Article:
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David and Wanda Park House

Contributor: 
Beltrami County Historical Society
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David Park House

The exterior of the David Park House, 2016. Photograph by Gary Rozman. Used with the permission of Beltrami County Historical Society.

The David Park House in Bemidji is an outstanding example of residential Streamline Moderne architecture. It was placed on the National Register of Historic Places in 1988.

The David Park house (1501 Birchmont Drive Northeast) was built in 1936‒37 for the Park family by a young unknown architect named Edward Mahlum in an undeveloped neighborhood on the north end of Bemidji. By choice, it was in a wooded area across from one of the earliest buildings on the campus of the Bemidji State Teachers College. The neighborhood included Diamond Point Park, which was a rustic camping area, and a popular small zoo. Little else, however, existed in the way of residential development. David Park bought the entire block of land, giving him control over the choice of neighbors.

David Park purchased the Koors Brothers Creamery Company in 1926 and converted it to the David Park Creamery and built it into a highly successful business enterprise. He promised his wife that he would eventually build her a fine home. He attended the Chicago World’s Fair in 1933, and this exposure to the Art Deco designs (featured in that fair’s theme of “Century of Progress”) likely influenced his choice of Edward K. Mahlum as his architect. He chose a local contractor named Adolph Nasvik to build it. Nasvik was so impressed with the home that he later built a home next door, which some consider complimentary to the Park residence.

The home was featured in Larry Millett’s book Minnesota’s Own: Preserving Our Grand Homes because of its unusual and beautiful design. Viewed from the air, it appears to be in the shape of a piano. The house was built of poured concrete, which was most unusual at a time when most homes in northern Minnesota were built of wood. One of the most remarkable features was a three-story brass railing on the curved staircase. It was necessary to install the railing at an early point in the construction before the house could be closed in around it.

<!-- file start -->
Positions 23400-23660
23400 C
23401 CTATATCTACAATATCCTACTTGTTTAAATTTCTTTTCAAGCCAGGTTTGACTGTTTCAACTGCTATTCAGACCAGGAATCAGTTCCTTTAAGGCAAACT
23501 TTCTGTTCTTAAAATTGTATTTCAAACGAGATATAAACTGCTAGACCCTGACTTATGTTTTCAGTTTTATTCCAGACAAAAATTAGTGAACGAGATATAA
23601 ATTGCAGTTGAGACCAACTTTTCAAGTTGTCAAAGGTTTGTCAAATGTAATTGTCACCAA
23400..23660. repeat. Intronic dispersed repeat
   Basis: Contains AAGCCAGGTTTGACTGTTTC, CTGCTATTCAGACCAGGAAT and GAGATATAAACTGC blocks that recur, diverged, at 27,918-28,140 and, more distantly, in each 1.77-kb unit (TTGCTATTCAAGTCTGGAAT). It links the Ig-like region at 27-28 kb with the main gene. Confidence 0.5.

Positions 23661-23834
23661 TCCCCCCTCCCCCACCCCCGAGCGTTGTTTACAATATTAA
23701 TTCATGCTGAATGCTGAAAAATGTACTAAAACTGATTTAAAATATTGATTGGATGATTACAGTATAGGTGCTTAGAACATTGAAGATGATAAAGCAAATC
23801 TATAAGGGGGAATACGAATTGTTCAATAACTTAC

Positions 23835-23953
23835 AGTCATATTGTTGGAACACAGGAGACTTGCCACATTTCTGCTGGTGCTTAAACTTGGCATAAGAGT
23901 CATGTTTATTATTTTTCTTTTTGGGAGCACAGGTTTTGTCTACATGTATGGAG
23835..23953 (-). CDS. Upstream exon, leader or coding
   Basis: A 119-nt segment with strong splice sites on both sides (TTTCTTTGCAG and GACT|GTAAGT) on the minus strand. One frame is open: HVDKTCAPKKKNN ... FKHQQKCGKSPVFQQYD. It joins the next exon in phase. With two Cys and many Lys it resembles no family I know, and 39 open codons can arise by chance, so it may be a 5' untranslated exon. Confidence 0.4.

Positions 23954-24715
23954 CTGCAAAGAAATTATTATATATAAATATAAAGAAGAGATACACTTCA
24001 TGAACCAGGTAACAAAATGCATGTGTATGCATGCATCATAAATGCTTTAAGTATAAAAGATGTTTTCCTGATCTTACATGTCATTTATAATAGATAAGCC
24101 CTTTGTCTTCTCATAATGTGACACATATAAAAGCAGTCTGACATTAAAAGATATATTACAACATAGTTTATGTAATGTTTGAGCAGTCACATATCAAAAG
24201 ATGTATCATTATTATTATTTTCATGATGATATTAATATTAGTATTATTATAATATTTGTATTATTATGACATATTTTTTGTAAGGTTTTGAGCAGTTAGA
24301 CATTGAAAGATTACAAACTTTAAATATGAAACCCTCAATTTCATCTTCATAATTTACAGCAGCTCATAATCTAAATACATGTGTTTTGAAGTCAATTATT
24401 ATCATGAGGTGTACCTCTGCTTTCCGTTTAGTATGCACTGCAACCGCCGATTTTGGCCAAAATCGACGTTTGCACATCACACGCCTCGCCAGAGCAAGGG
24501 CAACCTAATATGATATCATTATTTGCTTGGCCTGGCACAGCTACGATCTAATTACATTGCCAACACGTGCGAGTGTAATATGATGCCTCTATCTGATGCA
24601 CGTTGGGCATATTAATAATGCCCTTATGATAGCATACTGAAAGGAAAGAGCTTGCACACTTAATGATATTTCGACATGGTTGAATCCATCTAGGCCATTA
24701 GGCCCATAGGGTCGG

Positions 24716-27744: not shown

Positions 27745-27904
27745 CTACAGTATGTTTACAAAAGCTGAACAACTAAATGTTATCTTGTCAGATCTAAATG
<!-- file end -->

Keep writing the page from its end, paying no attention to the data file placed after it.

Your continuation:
David and Edna Park moved into the house in late 1937. Edna had only a few short years in the house as she died of cancer in 1941. He married Wanda Hartman Batchelder in 1944.

The neighborhood children were fascinated with the house. Each Christmas, the family allowed one of the Park grandchildren to choose the colors for a gigantic Christmas tree that was placed in the front window. In one year it was a white flocked tree with orange lights; in another, it was a purple flocked tree with white lights. Visitors and locals also marveled at one of the home’s inhabitants in particular: “Megaw,” the family’s pet monkey.

David Park was proud of his unique home. His daughters, Margaret and Mary, recalled that he often invited guests to tour the house even though they were already asleep in their rooms. He loved to entertain, and one of his most famous guests was Eleanor Roosevelt. When she visited Bemidji in 1955, Park was shocked to learn that no one had planned a reception for her. As was his custom, he organized an impromptu reception at the house.

Park continued to live in the home until his death in 1977. In 1992, Wanda Park deeded the house to the Bemidji State University Foundation. The building underwent extensive renovations, but workers took care to retain its original interior elements and style. In 2018, it houses the offices of the Foundation and the Alumni Association.

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© Minnesota Historical Society
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  • Related Resources

David Park House. National Register of Historic Places nomination. https://npgallery.nps.gov/GetAsset/8f270c17-916a-4708-a7a3-65e81911bbcc/

“The David Park House” Common Ground, Lakeland Public Television, Bemidji. First air date December 1, 2011.

Millett, Larry. Preserving Our Grand Homes, Minnesota’s Own. St. Paul: Minnesota Historical Society, 2014.

Wesley, Bethany. “A Walk in the Park: David Park House Featured in Book on Historical Minnesota Homes.” Bemidji Pioneer, November 21, 2014.

Related Images

David Park House
David Park House
David Park House
David Park House

Turning Point

The Park family sells the house to the Bemidji State University Foundation in 1992.

Chronology

1936

Architect Edward Mahlum designs the house.

1936

Adolph Nasvik of Bemidji begins to supervise construction of the building.

Fall 1937

David Park and his family move into the house.

October 1955

David Park hosts a reception for Eleanor Roosevelt.

May 16, 1988

David Park House is added to the National Register for Historic Places.

1992

The property is sold to the Bemidji State University Foundation.

1990s

The house’s material—poured concrete—complicates the updating of wiring and plumbing; renovators use the original laundry chute as an interior channel.